Is there really a credibility problem in the face of deflation?

Tim Young, in typically combative style, doubts in a comment on this blog that there really is a credibility problem in the face of deflation.  I accept that historically, and theoretically, we have focused on the difficulty of persuading the private sector that we will not generate too much inflation, thereby eroding the real value of nominal government debt, nor nominal wage contracts.

However, there are two genuine doubts that observers of a central bank might have.

First, there is the doubt that, whatever they say about how confident they are, central banks may not have potent or reliable tools to fight deflation in the face of the zero bound.  The Bank of England has reassured us that ‘we have the tools’.  But perhaps they haven’t.  We know that they have a vested interest in reassuring us because in so doing, they help anchor inflation expectations, and thus inflation itself, and thus make their lives easier.

Second, there lurks the suspicion in the popular mind that central banks are actually inflation nutters and would really like 0 inflation, rather than the 2 per cent actually mandated.  Sure, we had a history of governments in the UK and elsewhere generating too much inflation.  But monetary policy was then supposedly passed on to these central bank types to solve that problem.  Perhaps this was overdone?  If you think this is far-fetched, note that several official remarks about our sub-target inflation, and remarks by prominent commentators, have been approving of the benefits of 0 inflation.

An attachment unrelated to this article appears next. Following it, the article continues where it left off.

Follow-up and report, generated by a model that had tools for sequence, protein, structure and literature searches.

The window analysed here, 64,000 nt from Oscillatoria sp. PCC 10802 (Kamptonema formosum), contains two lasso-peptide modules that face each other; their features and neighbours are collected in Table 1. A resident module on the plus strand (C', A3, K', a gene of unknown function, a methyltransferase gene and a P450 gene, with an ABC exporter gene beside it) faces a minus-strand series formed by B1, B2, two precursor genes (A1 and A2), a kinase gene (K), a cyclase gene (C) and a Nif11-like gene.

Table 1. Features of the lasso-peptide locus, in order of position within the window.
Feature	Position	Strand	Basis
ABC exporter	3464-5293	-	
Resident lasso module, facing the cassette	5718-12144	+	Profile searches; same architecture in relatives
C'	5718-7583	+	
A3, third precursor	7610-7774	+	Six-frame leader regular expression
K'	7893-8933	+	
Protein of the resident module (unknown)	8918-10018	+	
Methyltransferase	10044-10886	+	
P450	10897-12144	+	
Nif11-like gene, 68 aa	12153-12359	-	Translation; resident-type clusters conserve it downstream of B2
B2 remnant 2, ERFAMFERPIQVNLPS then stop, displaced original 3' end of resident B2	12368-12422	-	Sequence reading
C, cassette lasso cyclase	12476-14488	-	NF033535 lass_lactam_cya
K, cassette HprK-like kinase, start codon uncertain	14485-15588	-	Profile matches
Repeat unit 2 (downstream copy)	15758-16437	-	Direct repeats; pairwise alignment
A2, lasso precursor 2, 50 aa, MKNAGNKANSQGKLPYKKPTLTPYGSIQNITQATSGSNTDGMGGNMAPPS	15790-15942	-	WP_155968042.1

So, for those reasons, I think Marvin Goodfriend was right to warn that there is a credibility issue in fighting deflation, or at least sub-target inflation, and, accordingly, a motive for monetary policy to lean towards the vigorously stimulative.

 

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11 Responses to Is there really a credibility problem in the face of deflation?

  1. I’ve always felt that rich and powerful people, and the (private) institutions they control, have a vested interest in keeping inflation down, no matter what harm the deflation causes. That’s kind of obvious, but unfortunately it doesn’t seem to be discussed properly. The government owes money via bonds and many normal people owe money via mortgages. Everyone else is (on average) either a normal person with essentially negligible assets and liabilities, or a rich person with lots of (money-like) assets.

    Consciously or otherwise, these rich people will always vote for extreme policies on inflation. If you can bribe the powers-that-be into missing inflation by 1% for one year, you get an extra return of 1% on certain classes of assets. Easy money if you’re a billionaire. And, you don’t need to think about explicit corruption via bribes to MPC members; this kind of selfishness happens automatically.

    There are suggestions on how to solve this, but I want to make a more general point. Economic modelling should explicitly include this kind of feedback. Given “official” policy X (the inflation rate and targeting mechanism or whatever), we should predict the incentives this gives to rich people, and therefore what the policy will *actually* be once rich people (including those people that decide monetary policy) have had a change to “tweak” the policy.

    Instead of pretending we can ban such incentives, wishing them away with a magic wand, we should accept they exist and adjust the policies themselves to take account of this. For the sake of argument, a price level target, instead of the current price rate, would essentially destroy these corrupt incentives. But even if you don’t like level targetting, the general point about incentives, and the resulting corruption, still stands.

    • I think the ratio is about 80% of individuals owe money (liabilities greater than assets), 10% are neither in debt, nor have significant assets, and 10% own all the assets. But I have not looked at exact wealth distribution lately.